For more information on the Canal, check out the D&H Transportation Heritage Council website. For more information on the site, check out the Sullivan County Website.
This linear park consists of 45 acres and approximately 3½ miles of trail situated along the historic D&H Canal. Remains of the original locks, drydock & waste weirs are visible from the towpath trail. Interpretive signs are located in the park to assist the visitor to identify the various canal structures. The trail is intended to accommodate a variety of users, including hikers, walkers, nature enthusiasts, bicyclists, joggers, cross country skiers and snowshoeing (motorized vehicles and horses are prohibited). The canal itself offers fine fishing (NYS Fishing License Required) and canoeing.
Two accesses are open at this time, both are located off Route 209. Hornbeck’s basin access is located ½ mile north of Wurtsboro; the Bova Road access is located 4½ miles north of Wurtsboro between the Hamlets of Summitville and Phillipsport. The trail is ideal for hikers, bikers, cross-country skiing, snowshoeing, nature watching and fishing. Picnic tables and grills along with porta-johns are available at both accesses.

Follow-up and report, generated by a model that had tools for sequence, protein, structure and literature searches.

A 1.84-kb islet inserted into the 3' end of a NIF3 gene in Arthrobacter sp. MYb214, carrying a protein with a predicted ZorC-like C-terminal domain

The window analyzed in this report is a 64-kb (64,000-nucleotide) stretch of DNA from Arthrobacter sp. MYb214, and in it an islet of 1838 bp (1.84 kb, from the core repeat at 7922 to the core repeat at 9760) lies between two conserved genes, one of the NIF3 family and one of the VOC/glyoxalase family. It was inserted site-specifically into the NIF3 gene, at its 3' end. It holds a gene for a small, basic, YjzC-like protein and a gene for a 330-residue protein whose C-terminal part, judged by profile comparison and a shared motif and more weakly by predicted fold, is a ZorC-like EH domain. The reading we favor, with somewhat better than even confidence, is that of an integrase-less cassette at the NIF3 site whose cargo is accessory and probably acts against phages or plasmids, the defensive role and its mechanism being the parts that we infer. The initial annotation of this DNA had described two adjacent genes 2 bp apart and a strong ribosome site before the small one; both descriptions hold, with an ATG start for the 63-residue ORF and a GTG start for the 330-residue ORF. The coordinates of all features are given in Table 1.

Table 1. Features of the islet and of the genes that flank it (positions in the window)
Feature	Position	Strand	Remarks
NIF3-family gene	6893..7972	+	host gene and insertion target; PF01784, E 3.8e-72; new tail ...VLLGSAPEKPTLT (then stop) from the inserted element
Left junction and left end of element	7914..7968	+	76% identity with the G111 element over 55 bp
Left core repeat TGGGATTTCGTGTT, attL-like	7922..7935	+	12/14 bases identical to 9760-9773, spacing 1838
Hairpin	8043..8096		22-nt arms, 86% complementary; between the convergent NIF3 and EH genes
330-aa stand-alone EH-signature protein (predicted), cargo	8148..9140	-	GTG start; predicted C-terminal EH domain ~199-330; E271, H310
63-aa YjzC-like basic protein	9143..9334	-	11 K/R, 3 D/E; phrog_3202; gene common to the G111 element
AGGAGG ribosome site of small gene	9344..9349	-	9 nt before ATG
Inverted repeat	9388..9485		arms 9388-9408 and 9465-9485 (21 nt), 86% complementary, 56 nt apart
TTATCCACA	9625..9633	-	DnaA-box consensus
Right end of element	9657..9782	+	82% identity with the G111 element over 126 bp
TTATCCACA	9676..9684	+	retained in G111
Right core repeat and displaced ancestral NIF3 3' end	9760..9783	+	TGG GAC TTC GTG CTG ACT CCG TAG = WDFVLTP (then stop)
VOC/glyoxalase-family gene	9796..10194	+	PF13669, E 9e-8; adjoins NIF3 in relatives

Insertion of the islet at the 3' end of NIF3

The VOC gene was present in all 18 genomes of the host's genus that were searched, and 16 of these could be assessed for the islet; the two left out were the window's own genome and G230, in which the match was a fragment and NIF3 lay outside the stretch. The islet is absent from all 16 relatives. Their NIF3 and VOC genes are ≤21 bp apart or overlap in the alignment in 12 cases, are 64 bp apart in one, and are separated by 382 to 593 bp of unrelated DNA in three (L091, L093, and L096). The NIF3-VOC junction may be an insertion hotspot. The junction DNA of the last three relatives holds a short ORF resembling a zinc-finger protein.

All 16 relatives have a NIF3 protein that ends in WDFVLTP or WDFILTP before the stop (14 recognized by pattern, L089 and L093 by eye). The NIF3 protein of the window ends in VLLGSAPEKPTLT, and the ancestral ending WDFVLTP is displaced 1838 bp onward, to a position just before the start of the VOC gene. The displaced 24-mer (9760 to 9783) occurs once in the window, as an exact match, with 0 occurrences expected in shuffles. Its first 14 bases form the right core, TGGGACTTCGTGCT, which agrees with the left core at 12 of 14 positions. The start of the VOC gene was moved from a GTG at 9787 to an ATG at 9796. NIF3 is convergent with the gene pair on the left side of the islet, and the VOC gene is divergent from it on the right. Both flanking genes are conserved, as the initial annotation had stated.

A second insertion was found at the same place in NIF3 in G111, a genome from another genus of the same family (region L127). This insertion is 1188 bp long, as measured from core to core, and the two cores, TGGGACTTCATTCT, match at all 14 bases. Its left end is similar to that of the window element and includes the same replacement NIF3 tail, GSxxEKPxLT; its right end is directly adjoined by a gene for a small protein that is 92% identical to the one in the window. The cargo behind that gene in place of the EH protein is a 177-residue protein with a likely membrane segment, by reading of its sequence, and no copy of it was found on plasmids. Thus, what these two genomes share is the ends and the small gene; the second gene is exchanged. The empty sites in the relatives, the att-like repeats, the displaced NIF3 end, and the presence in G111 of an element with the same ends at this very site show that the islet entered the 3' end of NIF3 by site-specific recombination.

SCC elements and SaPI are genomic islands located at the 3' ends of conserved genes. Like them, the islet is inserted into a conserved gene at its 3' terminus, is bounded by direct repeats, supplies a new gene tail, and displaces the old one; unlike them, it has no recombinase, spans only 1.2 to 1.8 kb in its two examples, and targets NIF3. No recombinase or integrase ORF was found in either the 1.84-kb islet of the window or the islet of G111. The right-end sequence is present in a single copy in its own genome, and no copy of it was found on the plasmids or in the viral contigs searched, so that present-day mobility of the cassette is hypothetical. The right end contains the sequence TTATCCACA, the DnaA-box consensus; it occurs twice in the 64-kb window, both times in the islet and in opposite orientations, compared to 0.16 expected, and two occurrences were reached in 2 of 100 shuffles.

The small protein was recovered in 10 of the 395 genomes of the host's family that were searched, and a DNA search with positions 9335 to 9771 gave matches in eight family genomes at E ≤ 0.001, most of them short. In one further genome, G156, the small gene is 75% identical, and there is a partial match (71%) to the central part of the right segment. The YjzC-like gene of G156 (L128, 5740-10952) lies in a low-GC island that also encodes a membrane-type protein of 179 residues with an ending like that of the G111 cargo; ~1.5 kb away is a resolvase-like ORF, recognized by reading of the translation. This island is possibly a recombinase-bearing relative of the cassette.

There is no admission fee, the park is open year round. Hours are from 8:00am ’till dark. Due to the linear nature of this park users are asked to respect the rights of adjacent landowners. Phone (845) 807-0287.
DELAWARE RIVER REGION TRAIL
Upper Delaware Take a Hike! Trail
Trailhead GPS: Coordinates N41.63574 W75.06233